Her primary art - Pauline paintingBoty’s acting career was always a secondary concern for her. In Nell Dunn’s 1965 book Talking To Women, a series of transcribed conversations with women from all backgrounds, she is asked which, out of painting and acting, ‘you actually get the most out of doing’. ‘Painting’, she unhesitatingly replies. She then goes on to describe the compensations of acting, its social and collaborative nature, as opposed to the solitary act of creating a work of art. As she puts it (and the directly transcribed nature of the interview really brings her voice to life), ‘painting you do alone, you know, and you sit there and its your own terrible fight or your own lovely bit, whichever sort of phase it’s in but it’s really terribly alone and you make the whole thing yourself’. Creation was evidently an effortful and intensely felt process for her. The acting may have been a release, but she was also encouraged into it by both Philip Saville, with whom she was having an affair in the early 60s, and Clive Goodwin, whom she married in 1963. Saville was a well-known director of stage and screen and Goodwin an influential media figure and sometime actor himself (he played John Ruskin in Ken Russell’s Monitor film on Dante Gabriel Rossetti and the Pre-Raphaelites, again included as a clip in Adam Curtis' article). There is a sense that they felt they could better direct and shape her persona as an actress, recreating her to conform to their own perceived image of what she could be. Being at the centre of the media which she portrayed in her work (TV and film in particular) and gaining experience of the way in which actors self-consciously adapt alternate personae on stage can’t have failed to feed back into her painting, however, giving it a further and more personal reflective layer.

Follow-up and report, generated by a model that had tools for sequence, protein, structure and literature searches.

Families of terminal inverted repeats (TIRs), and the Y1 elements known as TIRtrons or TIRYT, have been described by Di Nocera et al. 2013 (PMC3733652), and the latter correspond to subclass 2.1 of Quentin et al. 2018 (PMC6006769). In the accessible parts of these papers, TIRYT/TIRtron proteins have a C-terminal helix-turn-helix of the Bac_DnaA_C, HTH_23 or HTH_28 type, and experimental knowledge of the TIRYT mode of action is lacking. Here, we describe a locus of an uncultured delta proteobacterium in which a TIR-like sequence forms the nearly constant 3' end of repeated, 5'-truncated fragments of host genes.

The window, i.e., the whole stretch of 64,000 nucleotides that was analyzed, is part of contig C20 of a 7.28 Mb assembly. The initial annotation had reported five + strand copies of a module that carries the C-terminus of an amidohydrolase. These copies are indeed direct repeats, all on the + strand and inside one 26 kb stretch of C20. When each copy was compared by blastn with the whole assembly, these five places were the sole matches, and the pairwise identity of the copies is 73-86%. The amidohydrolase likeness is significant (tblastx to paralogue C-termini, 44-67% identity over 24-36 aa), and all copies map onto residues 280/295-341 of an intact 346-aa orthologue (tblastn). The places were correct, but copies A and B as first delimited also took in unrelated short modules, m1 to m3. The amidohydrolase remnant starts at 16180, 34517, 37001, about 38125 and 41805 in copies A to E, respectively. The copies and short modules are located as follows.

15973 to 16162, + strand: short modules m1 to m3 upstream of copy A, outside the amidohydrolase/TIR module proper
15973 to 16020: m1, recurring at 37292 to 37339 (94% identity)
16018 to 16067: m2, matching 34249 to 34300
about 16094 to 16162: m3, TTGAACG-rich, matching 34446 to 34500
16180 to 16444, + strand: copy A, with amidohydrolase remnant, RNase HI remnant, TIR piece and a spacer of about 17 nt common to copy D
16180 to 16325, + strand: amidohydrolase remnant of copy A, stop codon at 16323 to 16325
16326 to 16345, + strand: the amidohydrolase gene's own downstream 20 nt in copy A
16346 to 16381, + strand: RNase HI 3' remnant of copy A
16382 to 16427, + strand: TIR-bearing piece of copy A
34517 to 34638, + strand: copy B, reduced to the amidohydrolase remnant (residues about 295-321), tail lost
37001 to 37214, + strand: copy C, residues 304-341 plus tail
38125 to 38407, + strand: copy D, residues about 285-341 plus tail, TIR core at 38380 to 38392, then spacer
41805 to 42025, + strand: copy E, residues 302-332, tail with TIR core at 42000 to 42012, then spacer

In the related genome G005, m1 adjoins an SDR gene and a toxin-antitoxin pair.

Perhaps the major reason for Boty’s neglect lies in her tragic early death at the age of 28. She discovered that she had lymphatic cancer in 1965 when she went for the scan which confirmed her pregnancy. She refused a course of chemotherapy for fear of harming the baby, trusting instead to less invasive radiotherapy treatments. Her daughter was born in February 1966, but Pauline continued to decline, and died on 1st July 1966. Her husband, Clive Goodwin, and her family were left in a state of shock, and all of her paintings were packed away and stored in a barn on a farm in Kent owned by one of her brothers. There they remained for decades. It’s quite remarkable that nobody took an interest in all those years, that no-one made the effort to seek her work out. It’s not as if she wasn’t a highly visible and charismatic figure on the sixties scene, and the decade, particularly in its colourful pop aspects, has exerted a continuous fascination up until the present day. Finally, the art historian and critic David Mellor brought them back to light, the paintings fortunately none the worse for wear after having lain dormant in rustic storage for so long. He included several in the exhibition The Sixties Art Scene In London which he curated at The Barbican in London in 1993, and she was also prominently featured in the accompanying book in a way which she hadn’t been (and still isn’t) in other surveys of the period. As Mellor puts it in the introduction to the book, the ‘process of re-seeing and revising the recent past also brings forward neglected individuals, and the contexts in which they worked, during the period. (This is particularly so in the case of Pauline Boty.)’ It was this exhibition, and its resurrection of Boty’s work, which led to the Tate buying The Only Blonde in the World. Although why did they not make up for neglect and the passage of lost time by buying the lot?